Readings, conversations, discussions
Award Ceremony: Internationaler Literaturpreis 2019
With a keynote by Teju Cole
8pm Award Ceremony
10pm Music by Coco Maria
With simultaneous translation to German, English and the original language
On the roof terrace
In the Lecture Hall in case of rain
The six books on this year’s shortlist lead us into the innermost regions of the human soul, charting both the farthest unexplored shores and the narrow straits of the familiar. Each one is as radical in its aesthetic as it is, in its own way, a stunning tribute to the power of literature.
Which author–translator duo will be awarded the 2019 Internationaler Literaturpreis? The HKW roof terrace will serve as the stage for this year’s announcement: Following a keynote by Teju Cole, awardee of the 2013 prize for his novel Open City, the winning title will be announced by the jury and presented by its author and translator.
Further conversations will offer the awardees, audience and jury members alike a chance to explore what makes the award-winning book so extraordinary. Together, they will investigate questions like: What processes lie beneath writing and translating? What is the state of literature as an art form, and what role does translation play in the contemporary literary scene?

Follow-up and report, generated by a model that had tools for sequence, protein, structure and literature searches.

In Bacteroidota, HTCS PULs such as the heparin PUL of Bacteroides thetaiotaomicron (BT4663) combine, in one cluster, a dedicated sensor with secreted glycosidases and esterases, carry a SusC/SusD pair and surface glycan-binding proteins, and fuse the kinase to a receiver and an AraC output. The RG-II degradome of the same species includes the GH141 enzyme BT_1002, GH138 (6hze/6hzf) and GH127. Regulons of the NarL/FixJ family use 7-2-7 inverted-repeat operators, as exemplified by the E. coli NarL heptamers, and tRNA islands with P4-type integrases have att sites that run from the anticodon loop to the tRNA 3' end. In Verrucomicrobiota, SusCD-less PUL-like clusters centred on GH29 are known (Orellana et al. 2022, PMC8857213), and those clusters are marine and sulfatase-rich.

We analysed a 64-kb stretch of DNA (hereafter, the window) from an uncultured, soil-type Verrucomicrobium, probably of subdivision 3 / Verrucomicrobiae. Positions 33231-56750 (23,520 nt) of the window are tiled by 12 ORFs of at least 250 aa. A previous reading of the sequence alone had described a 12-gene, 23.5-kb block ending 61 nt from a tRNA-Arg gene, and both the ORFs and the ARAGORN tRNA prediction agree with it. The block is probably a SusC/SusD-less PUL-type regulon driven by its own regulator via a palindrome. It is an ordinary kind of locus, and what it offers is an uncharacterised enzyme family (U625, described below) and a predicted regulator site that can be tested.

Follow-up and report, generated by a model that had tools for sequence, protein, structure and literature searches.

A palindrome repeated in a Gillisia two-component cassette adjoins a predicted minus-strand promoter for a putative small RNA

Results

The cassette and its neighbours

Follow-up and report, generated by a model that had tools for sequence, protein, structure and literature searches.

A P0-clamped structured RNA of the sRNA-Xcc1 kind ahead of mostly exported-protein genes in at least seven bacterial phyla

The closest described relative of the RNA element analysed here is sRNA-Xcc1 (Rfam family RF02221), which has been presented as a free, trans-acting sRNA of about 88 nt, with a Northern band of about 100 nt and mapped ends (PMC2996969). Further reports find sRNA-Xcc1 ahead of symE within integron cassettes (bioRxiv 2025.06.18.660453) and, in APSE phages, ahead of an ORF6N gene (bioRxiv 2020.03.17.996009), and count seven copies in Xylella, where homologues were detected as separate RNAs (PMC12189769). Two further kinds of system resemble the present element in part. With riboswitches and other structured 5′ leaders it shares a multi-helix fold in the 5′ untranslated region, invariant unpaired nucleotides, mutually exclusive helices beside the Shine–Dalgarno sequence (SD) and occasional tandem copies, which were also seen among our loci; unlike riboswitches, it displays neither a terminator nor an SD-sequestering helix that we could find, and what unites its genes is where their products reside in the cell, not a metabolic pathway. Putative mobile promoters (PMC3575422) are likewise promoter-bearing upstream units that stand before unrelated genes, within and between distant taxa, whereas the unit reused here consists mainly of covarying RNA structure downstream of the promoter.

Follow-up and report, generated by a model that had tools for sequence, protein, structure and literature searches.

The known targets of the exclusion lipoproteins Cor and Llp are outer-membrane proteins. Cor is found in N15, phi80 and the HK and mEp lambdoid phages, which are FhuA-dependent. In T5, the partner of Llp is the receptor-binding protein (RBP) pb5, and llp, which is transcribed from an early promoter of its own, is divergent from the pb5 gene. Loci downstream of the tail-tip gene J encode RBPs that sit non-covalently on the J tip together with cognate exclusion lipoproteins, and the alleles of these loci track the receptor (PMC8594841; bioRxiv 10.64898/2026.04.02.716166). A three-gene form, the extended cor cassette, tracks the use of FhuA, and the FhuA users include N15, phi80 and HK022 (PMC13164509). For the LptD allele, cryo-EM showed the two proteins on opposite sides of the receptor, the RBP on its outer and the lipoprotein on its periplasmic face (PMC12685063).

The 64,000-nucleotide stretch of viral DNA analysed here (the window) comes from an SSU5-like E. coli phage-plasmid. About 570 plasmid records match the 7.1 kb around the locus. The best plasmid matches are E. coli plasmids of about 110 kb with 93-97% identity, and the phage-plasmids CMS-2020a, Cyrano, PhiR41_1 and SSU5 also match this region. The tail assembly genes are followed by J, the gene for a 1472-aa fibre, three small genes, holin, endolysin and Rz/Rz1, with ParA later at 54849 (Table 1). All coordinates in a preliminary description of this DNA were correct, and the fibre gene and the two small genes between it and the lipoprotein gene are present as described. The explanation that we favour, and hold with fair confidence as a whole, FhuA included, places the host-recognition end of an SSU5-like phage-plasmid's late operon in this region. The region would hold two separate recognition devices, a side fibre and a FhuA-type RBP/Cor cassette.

After the award ceremony, the audience is invited to get together with the participants over music and drinks on the roof terrace.
Teju Cole is a photographer, critic, curator and the author of five books.
In 2013 he and the translator Christine Richter-Nilsson were awarded the Internationaler Literaturpreis for the novel Open City. His other honors include the PEN/Hemingway Award, the Windham Campbell Prize, the Rosenthal Award from the American Academy of Arts and Letters and a Guggenheim Fellowship. His most recent book is Human Archipelago, a collaboration with the photographer Fazal Sheikh. His own photography has been exhibited worldwide and is in several institutional collections.
Born in the US and raised in Lagos, Cole was the photography critic of the New York Times Magazine (2015–2019) and is currently a Professor of the Practice of Creative Writing at Harvard University.